Ian Socapro Henry Mashup wasn’t just some rhyming words, there was truth there – so I can’t share your views on Iwer. You spoke of victimisation above as regards to artistes entering the competition but the only explanation you give is re the judging (which may very well be an area that could have benefitted from some transparency I don’t deny) but with no details…. Are you saying then that the artiste that won during those years was somehow favoured over Power Soca artistes by the judges? Have those judges been changed? Were these judges presiding over other contests prior to 2016 or was it a new panel that began in 2016?
Antoinette Sankar I am simply saying there was a biased against Power Soca songs making it to the ISM Finals between 2016 and 2018 and that fact was evidence by the few to zero Power Soca songs that made it from the Semi Final stage to the Final during that period.
Artistes who had both Power Soca and Groovy Soca songs released for the T&T Carnival seasons between 2016 and 2018 were also discouraged from choosing to sing their Power Soca songs in the Semis and Final due to lack of radio airplay for their Power Soca song.
The ISM Soca Monarch competition between 2016 and 2018 was in fact a Groovy Soca Monarch competition in reality without using the word Groovy hence why Fay-Ann who is aware of the politics dubbed this year’s edition of the ISM as the “Return of Power Soca”.
Ian Socapro Henry Do you know who the judges were?
Antoinette Sankar Why do I need to know who the judges were? I known that they were generally anti-Power Soca between 2016 and 2018 based on the fact that hardly any of the artists who sang power soca songs in the ISM Semis between 2016 and 2018 were selected for the Final. Case in point last year Natty & Thunda from Grenada who had one of the biggest power soca songs for 2018 internationally called “Top Striker” were left out of the ISM Final after taking part in the Semis.
Also the previous year 2017 when Iwer George clearly got the biggest crowd reaction of the night in the ISM Finals singing his power soca song “Take Ah Bathe” he did not even place in the top 3 to everyone’s surprise.
Also note that Iwer was the only soca artist singing a power soca song who made it into the ISM Final in 2017 and no soca artist singing a power soca made it into the ISM Final in 2018.
See this video as a reminder https://www.youtube.com/watch?v=7HR-B52UTW0
The repertoire of groovy soca has definitely grown – and so has the audience response to it – they do need to reconsider the current position
Ian Socapro Henry can you add your comment on column here as well?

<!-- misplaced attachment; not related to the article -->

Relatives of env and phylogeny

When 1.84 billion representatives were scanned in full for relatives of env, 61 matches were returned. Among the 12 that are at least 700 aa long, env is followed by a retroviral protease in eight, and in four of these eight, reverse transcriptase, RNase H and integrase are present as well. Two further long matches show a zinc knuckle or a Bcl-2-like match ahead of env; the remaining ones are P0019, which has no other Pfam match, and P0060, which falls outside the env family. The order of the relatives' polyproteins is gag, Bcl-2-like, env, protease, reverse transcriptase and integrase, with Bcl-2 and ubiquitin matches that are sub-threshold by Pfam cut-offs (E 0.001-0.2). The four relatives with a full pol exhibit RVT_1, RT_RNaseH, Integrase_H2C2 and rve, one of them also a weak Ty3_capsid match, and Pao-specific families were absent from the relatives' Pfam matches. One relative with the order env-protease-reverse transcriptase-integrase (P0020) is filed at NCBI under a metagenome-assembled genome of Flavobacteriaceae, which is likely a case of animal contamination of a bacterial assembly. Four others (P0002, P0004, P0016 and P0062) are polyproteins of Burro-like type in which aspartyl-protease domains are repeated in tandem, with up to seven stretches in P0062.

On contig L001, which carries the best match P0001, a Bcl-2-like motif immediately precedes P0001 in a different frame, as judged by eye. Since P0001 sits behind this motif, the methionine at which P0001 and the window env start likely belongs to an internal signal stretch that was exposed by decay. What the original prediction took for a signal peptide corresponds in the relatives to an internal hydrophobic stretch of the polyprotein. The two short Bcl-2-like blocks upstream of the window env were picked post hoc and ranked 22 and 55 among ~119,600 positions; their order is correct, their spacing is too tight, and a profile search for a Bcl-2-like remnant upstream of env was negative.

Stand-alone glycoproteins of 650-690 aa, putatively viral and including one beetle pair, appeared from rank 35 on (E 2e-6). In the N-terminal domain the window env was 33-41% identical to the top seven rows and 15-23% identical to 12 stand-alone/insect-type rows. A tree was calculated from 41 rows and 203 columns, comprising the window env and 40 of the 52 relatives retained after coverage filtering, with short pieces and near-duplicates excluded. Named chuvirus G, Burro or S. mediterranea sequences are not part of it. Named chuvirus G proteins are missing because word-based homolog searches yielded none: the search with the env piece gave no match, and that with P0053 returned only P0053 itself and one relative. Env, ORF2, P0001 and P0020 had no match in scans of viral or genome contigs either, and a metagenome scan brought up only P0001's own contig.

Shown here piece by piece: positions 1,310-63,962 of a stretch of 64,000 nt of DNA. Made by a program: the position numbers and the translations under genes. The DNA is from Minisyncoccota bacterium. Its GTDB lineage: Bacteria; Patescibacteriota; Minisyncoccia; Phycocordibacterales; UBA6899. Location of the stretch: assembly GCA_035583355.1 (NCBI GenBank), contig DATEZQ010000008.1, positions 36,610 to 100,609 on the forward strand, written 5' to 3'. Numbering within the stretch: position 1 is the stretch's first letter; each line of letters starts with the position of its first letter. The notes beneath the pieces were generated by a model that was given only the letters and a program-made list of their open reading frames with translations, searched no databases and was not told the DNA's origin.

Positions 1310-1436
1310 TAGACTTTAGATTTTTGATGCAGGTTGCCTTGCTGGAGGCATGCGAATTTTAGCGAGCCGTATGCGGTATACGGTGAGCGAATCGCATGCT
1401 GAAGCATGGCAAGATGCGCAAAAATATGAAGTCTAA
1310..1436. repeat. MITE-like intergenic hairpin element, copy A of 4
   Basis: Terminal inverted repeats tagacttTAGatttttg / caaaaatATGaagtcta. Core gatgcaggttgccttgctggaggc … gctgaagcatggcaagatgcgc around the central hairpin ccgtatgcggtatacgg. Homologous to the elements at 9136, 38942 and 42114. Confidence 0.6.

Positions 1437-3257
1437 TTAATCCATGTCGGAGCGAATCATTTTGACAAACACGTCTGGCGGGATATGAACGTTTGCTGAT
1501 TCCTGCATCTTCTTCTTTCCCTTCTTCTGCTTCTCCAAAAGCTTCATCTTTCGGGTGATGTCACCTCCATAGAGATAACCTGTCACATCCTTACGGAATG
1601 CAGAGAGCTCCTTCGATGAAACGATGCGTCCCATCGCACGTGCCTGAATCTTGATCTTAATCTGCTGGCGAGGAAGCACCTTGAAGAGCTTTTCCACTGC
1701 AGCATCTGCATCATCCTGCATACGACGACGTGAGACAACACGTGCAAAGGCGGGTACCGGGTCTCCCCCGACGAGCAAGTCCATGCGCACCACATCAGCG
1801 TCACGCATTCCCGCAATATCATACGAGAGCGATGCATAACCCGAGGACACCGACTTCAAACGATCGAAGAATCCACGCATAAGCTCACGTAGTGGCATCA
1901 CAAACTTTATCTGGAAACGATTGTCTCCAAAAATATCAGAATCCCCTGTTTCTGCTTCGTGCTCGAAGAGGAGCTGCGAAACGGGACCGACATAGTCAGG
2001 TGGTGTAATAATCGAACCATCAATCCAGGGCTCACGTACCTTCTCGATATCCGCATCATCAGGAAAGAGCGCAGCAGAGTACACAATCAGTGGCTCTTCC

Ok I just did. 🙂
Some times I ask myself why most Trinidad Official in what capacity they hold, always seek self interest when spending tax payers/government funding? Its never a country or culture effort for the benefit of a whole? If the economy was subsidized for a ministry, Its should be use to exploit all context of the ministry. Its doesn’t belongs to who runs the department and can spent it how and with who they feel like. I think balancing the funding between the advancement of groovy soca and already established soca monarch seem fair. The industry needs soca love songs, soca Christmas carols, and even soca gospels. So, release the funds and exploit all avenues of the culture. Its time that the so-call transparence and checks and balance be an important part of our future stay in this global economy. On my recent visit to the island, I actually observe and was innocently caught up in acts of skull duckery and corruption that after my tourist guide had to intercept and avoid the deception. I asked myself how this country ever establish or even prepare an annually budget?
Mr. St.Bernard has put forward some very good arguments here, and I would just like to add my own voice to this discussion. I agree with the decision to bring back Power Soca this year – however, I think the prize money should be equal .
Power Soca and Groovy Soca both have their place in the Soca famalay, and their places should be made equal in terms of the prize structure. The over-weighting of one with respect to the other is unnecessary – weight them equally and let the market do the rest.
Olatunji Yearwood was toasted by millions of people on UK talent show X Factor singing groovy Soca—a breakthrough that was not leveraged by our Carnival controllers who did not see it as worthwhile to leverage Olatunji’s image to the millions of viewers now familiar with his music. >> Kudos to Ola!
Can’t say I agree with everything written here – since I’m scratching my head and drawing a blank trying to remember Voice’s music for this year….but I absolutely agree Groovy is not substandard to Power soca and should not be treated as such. They should have equal footing if anything or perhaps more power to the Groovy, pun intended.
I agree with St. Bernand PS Chalkdust has done more damage to the art form than anybody else. NCC